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The Shanghai Cooperation Organization (SCO) summit that is about to kick off in Astana on Thursday, will induct new member-states into the group for the first time in 16 years. The newcomers will gain an opportunity to coordinate efforts in the war on terror, separatism and extremism with the six founding states - China, Russia, Kazakhstan, Tajikistan, Kyrgyzstan and Uzbekistan. However, experts interviewed by Kommersant business daily do not expect the new members to settle easily into the SCO agenda, and say it will be challenging to build a consensus.
According to this year’s draft declaration planned to be adopted on June 9, the SCO state leaders support the agreement on nuclear non-proliferation and the Chinese One Belt and One Road project. Once Delhi and Islamabad have a say, it may become next to impossible to adopt such an agreement, the newspaper writes. Delegations from both countries have already said they plan no bilateral contacts at the summit.
Even more issues may arise in the area of practical cooperation. According to Vice President of Observer Research Foundation Samir Saran, intelligence sharing between India and Pakistan may be a problem since New Delhi considers Islamabad to be a source of international terrorism, and will be reluctant to share confidential data with its neighbor. Meanwhile, the draft of the Astana declaration obtained by Kommersant says the member-states plan to "deepen dialogue and cooperation to ensure security, primarily in tackling terrorism." Also, the documents says, it is necessary to continue efforts to draw up a total list of terrorist organizations, and to block "all sources and channels of financial as well as material and technical support provided to terrorism," and to continue "regular joint anti-terror training." Experts doubt the two newcomers will easily put aside all existing rivalries regarding the problem.
Experts in Pakistan told Kommersant that the Shanghai Cooperation Organization is likely to undertake peacekeeping functions since both India and Pakistan expect other member-states to shield them from military and terror attacks from the neighboring country. Also, since the China-India-Pakistan area is full of mutual claims and territorial disputes, they are likely to top the SCO’s agenda.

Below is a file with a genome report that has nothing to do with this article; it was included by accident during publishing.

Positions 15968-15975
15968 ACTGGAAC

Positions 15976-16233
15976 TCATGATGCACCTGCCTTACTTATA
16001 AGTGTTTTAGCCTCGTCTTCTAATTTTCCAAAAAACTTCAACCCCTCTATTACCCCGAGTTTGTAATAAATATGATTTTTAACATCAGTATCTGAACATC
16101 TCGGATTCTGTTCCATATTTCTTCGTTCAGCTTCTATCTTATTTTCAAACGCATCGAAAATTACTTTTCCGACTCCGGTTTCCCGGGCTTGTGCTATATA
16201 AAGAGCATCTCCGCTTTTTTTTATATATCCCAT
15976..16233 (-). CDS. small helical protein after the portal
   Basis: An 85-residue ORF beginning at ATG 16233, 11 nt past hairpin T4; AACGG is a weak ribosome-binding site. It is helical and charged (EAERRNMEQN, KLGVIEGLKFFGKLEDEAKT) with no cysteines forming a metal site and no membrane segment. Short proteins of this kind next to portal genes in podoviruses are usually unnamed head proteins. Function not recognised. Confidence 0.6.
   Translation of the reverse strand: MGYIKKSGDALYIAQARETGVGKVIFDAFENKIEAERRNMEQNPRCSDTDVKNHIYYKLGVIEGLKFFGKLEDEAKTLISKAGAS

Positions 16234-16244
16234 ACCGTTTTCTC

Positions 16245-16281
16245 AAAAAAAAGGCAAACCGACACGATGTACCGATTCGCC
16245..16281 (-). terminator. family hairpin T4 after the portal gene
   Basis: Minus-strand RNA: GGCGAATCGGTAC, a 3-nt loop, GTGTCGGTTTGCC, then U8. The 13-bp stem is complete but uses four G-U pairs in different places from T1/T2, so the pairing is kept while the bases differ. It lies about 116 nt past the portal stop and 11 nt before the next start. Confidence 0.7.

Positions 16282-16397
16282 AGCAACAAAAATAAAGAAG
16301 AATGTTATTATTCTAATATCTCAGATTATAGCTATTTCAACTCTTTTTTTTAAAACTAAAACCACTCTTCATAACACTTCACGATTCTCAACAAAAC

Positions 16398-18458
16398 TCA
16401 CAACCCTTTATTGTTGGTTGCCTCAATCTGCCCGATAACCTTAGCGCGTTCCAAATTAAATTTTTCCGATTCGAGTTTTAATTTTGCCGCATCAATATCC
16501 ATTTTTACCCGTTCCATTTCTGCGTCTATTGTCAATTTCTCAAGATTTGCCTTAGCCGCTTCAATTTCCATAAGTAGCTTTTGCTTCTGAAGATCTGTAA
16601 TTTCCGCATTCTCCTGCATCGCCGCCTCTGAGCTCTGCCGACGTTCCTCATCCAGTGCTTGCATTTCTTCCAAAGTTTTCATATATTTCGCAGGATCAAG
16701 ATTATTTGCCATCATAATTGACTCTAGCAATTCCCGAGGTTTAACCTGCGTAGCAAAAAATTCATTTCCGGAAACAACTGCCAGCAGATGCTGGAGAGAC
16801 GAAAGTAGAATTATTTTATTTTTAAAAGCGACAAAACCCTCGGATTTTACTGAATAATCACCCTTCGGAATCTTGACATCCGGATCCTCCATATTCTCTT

Finally, another important issue may be added to the agenda as this year’s summit, the induction of Iran, which applied for membership back in 2008. Russia would welcome Iran into the organization, however, the position of Tajikistan hinders the move as the latter is actively building ties with Saudi Arabia, which has long been a thorn in Iran’s side, the newspaper writes.
The two biggest Eurasian unions - the European Union (EU) and the Eurasian Economic Union (EAEU) - have set up their first work contacts, Russian Permanent Representative to the EU Vladimir Chizhov said in an interview with Izvestia.
"The European Union has made notable headway from total denying the sheer fact of the EAEU’s existence to signaling interest in establishing contacts at the working level," he said, adding though that "the official recognition of the EAEU as a partner, the recognition of its international legal standing still lies ahead, but the first working contacts are already in place." "I think that gradually Europe will realize the necessity of such contacts," Chizhov added.
According to the diplomat, “much has been copied from the EU’s integration experience when the EAEU was founded, and both its positive and negative experience was considered.” “For example, the European Union ‘explosively’ expanded, starting in 2004, to the detriment of any further EU growth, while holding back all of its (the EU) potential, which eventually resulted in the erosion of the EU’s structure. Of course, we keep this in mind when going along the Eurasian course. At least, at this stage no country is willing to leave the Eurasian Economic Union,” Chizhov said.
When asked about the position of the European Union towards Ukrainian crisis, he said the EU leaders see Ukraine as increasingly becoming a nuisance. "There is rising frustration over Kiev’s policy not only regarding Donbass, but about reforms that were promised to the west, including the European Union, and for which funds were allocated. Despite the money being spent, there have been no reforms whatsoever. Probably, this will push the west - the EU and the United States - to turn the heat up on Kiev," the envoy said.
Leader of Ukraine’s parliamentary faction Batkivshchina (Fatherland) and former Prime Minister Yulia Timoshenko may be hit with a treason charge over her 2009 gas deal she struck between Russia and Ukraine, Nezavisimaya Gazeta writes. Previously Timoshenko was accused of official misconduct for signing the contract eight years ago.